I would venture to say that had the former President contested a Presidential election, which he cannot constitutionally, he and his strategists would have run quite a different kind of campaign altogether. They would have focused on the percentage polled, rather than what was needed to win control of local level administrations.
In the upcoming Provincial Council elections, they would doubtless run a campaign that is different to the one they ran this time, focusing on winning control of those institutions, not the percentage polled.
If they were to run at a general election, they would do it even more differently, ensuring that as many of their members were elected to parliament as possible from as many areas as possible, to have the numbers to form a government or negotiate from strength in forming a coalition government.
At a mother of all polls, a referendum, going by their outreach at the LG polls, they appear eminently capable of strategizing a massive and widespread campaign, utilizing the many grassroots and civil society organizations that they have successfully created, plus social media activism, and the enormous public support they have got as a symbol of new hope and change, and focus on the percentage polled, as they should.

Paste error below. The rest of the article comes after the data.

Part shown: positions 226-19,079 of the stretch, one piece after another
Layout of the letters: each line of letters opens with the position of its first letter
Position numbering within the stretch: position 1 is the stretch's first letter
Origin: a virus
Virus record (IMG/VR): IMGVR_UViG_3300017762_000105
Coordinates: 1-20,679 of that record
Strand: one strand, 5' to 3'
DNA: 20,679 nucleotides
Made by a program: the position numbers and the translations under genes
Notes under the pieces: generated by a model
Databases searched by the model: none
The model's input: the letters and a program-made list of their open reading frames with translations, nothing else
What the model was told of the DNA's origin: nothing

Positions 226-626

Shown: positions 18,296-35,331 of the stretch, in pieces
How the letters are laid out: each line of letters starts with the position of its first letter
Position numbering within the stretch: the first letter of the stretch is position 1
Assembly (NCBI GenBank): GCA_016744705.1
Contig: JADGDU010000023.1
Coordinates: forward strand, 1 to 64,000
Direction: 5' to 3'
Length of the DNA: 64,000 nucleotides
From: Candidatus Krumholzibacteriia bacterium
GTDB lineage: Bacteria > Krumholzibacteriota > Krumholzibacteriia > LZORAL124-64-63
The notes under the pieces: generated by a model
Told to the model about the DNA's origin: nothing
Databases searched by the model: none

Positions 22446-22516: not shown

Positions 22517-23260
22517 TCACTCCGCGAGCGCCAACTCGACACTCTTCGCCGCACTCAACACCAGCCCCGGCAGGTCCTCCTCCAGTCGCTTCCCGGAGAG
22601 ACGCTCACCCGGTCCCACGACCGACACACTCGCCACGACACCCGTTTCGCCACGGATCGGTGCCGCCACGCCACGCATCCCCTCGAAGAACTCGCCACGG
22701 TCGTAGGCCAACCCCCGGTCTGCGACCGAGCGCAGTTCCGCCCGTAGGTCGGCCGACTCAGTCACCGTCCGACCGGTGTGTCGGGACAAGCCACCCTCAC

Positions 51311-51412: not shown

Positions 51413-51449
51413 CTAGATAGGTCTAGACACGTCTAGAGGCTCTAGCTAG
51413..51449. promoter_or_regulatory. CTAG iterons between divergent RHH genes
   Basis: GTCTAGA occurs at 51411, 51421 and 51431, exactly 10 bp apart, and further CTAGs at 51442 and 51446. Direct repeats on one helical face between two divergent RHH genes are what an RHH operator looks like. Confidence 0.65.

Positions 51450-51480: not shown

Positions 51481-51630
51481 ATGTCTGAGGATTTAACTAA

The legitimacy that the senior partner of this government, the UNP, claims, based on the total votes of the rainbow coalition, (even though they didn’t run as a coalition this time nor are they likely to come together anytime soon, given their mutual acrimony), sounds a hollow attempt to belittle the phenomenal success of an upstart party that shocked them into making this leap in logic, if only to explain their abysmal performance despite all that state power bestows on them. It’s easier I guess than making an honest evaluation of their failure, and taking the people’s emphatic verdict seriously enough to attempt it.
One would think that given their supposed certainty that the Pohottuwa phenomenon could be easily defeated by re-forming the rainbow, they would readily agree to the call for general elections by the SLPP. This would give them a chance to prove their assumption. And yet they won’t hear of it.
The few politicians’ and sundry commentators’ assertions that the party that won this one, just lost, and the party that lost had won,just doesn’t make sense to me. To me, it looks like the Pohottuwa backed by MR, won the LG elections handsomely, and going by the mood in the country, are likely to sweep all others in the offing.